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Tyee Readers Outraged, Disappointed about Trudeau’s Flip on Electoral Reform

Here’s how readers felt when they heard that a campaign promise had been thrown out.

Sharon J. Riley 10 Feb

Sharon is a journalist and researcher from Alberta. She is a regular contributor to the Harper’s Weekly Review, and her writing has been published by Maisonneuve, The Walrus and Harper’s, among others.

It’s clear that many Canadians were surprised — if not filled with seething rage — by Justin Trudeau’s announcement last week that electoral reform was no longer in the mandate for Democratic Institutions Minister Karina Gould.

Having made the promise 1,813 times (at least by NDP leader Tom Mulcair’s count), Trudeau’s abrupt about-face came as a shock to those who truly believed that “2015 will be the last federal election conducted under the first-past-the-post voting system.”

We asked our readers what they thought about Trudeau’s decision to scrap electoral reform. Over 1,500 responded — and roughly 65 pe rcent declared sheer outrage, plain and simple. Fifteen per cent responded they were disappointed, and another 15 per cent lamented they weren’t surprised — the latter, it seems, had been sceptical of Trudeau’s intentions from the beginning.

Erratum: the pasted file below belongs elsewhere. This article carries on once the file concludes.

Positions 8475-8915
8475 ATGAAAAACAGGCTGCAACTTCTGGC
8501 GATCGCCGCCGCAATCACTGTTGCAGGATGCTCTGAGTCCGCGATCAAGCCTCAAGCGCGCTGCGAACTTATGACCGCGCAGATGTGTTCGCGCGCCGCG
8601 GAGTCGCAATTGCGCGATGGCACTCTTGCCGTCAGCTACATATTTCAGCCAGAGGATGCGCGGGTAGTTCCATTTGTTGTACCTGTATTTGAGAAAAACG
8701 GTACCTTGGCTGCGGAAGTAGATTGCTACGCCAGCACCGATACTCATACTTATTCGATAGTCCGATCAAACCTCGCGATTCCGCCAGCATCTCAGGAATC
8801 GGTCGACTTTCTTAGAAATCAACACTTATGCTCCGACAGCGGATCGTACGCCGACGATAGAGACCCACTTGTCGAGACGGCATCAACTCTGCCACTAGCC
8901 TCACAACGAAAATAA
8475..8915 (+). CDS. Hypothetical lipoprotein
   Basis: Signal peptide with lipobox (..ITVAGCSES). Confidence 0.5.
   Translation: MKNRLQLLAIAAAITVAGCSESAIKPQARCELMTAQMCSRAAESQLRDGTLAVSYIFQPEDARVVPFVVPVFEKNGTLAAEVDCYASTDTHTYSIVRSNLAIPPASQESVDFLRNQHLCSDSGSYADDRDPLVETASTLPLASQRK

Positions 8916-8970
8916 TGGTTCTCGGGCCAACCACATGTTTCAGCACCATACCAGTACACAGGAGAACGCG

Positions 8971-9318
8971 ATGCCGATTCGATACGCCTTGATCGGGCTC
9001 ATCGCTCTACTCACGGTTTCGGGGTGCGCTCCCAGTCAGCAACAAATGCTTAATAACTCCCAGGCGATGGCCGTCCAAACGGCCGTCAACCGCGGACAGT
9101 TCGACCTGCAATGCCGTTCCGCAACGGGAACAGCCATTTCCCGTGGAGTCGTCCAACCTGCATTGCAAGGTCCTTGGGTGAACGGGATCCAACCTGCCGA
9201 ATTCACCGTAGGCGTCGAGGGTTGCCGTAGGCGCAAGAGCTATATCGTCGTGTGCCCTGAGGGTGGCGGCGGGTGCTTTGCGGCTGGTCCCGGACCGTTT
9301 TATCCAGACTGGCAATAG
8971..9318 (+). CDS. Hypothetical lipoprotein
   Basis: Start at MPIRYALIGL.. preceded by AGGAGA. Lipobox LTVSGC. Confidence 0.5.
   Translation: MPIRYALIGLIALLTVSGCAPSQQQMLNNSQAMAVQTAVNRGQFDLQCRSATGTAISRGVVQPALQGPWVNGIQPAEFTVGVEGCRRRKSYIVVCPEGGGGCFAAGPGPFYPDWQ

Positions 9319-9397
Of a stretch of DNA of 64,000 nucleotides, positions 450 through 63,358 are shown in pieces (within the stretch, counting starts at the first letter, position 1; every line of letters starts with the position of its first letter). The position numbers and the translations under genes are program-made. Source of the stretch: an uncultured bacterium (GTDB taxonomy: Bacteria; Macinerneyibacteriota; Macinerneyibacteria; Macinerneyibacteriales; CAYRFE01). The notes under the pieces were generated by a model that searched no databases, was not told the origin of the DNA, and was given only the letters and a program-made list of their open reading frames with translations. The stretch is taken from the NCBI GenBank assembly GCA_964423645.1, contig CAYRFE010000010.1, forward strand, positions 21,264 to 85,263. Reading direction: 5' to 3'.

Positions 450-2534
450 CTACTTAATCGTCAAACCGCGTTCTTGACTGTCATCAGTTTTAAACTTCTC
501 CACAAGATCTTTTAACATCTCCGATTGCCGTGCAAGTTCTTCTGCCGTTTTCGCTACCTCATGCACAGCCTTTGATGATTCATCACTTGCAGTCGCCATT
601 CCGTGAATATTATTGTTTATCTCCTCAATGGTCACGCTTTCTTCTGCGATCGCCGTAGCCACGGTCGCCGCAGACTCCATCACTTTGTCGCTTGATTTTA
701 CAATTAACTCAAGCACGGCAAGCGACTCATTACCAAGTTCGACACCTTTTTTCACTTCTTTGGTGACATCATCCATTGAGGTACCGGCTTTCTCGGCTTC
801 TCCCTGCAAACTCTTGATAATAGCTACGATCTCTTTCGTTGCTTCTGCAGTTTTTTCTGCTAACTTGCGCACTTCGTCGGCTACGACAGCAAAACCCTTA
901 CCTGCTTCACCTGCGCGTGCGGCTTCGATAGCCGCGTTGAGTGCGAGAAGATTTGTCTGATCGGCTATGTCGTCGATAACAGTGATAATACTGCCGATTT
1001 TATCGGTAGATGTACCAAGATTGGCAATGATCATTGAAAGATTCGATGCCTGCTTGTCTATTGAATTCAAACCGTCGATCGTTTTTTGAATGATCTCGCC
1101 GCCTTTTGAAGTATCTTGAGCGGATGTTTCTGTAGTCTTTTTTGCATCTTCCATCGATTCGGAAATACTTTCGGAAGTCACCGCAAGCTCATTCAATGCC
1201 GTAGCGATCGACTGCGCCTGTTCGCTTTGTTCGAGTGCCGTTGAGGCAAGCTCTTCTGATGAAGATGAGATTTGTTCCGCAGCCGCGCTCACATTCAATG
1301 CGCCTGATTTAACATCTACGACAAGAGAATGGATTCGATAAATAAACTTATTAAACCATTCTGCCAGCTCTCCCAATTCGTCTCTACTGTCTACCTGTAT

Will Trudeau be able to regain voters’ trust, or was this an unredeemable reversal of priorities? For many readers, it seems this was a deafening blow from a leader they had trusted to be a man of his word:

Even though I’m an NDP supporter, I had great hope for Trudeau and was willing to believe his promises. I thought we had seen a generational shift in the Liberal Party.

I had such high hopes that B.C. residents votes would truly count in federal elections. I am furious!

I actively worked to unseat Harper in my riding via Leadnow. My objective was a Conservative defeat and a minority government - NDP or Liberal. When Mulcair committed to a balanced budget, the Liberals became the option. My riding went Liberal, although with the weakest candidate in the race - but she defeated a Cabinet Minister. I believed that if the Conservatives were defeated, we would have a revised voting system next time and I could vote my heart.

One of the reasons, besides getting rid of Harper, I voted for him. I feel totally betrayed.

Others wondered if Trudeau could be trusted to act on other major issues.

His pretend protections for the environment are easily overpowered by more development of the tar sands. If he can’t keep the little promises, like electoral reform, why would we believe him on big issues? His credibility is gone.

[I’m] increasingly disappointed at how many election “promises” have been dropped or very poorly done (timely and serious reconciliation efforts for First Nations, maintaining Paris Accord efforts & environmental efforts in general - Site C, Kinder Morgan approval, etc.) and now he is totally dropping electoral reform.

[I’m] outraged at the sheer number of election promises he made and had no intention of honouring.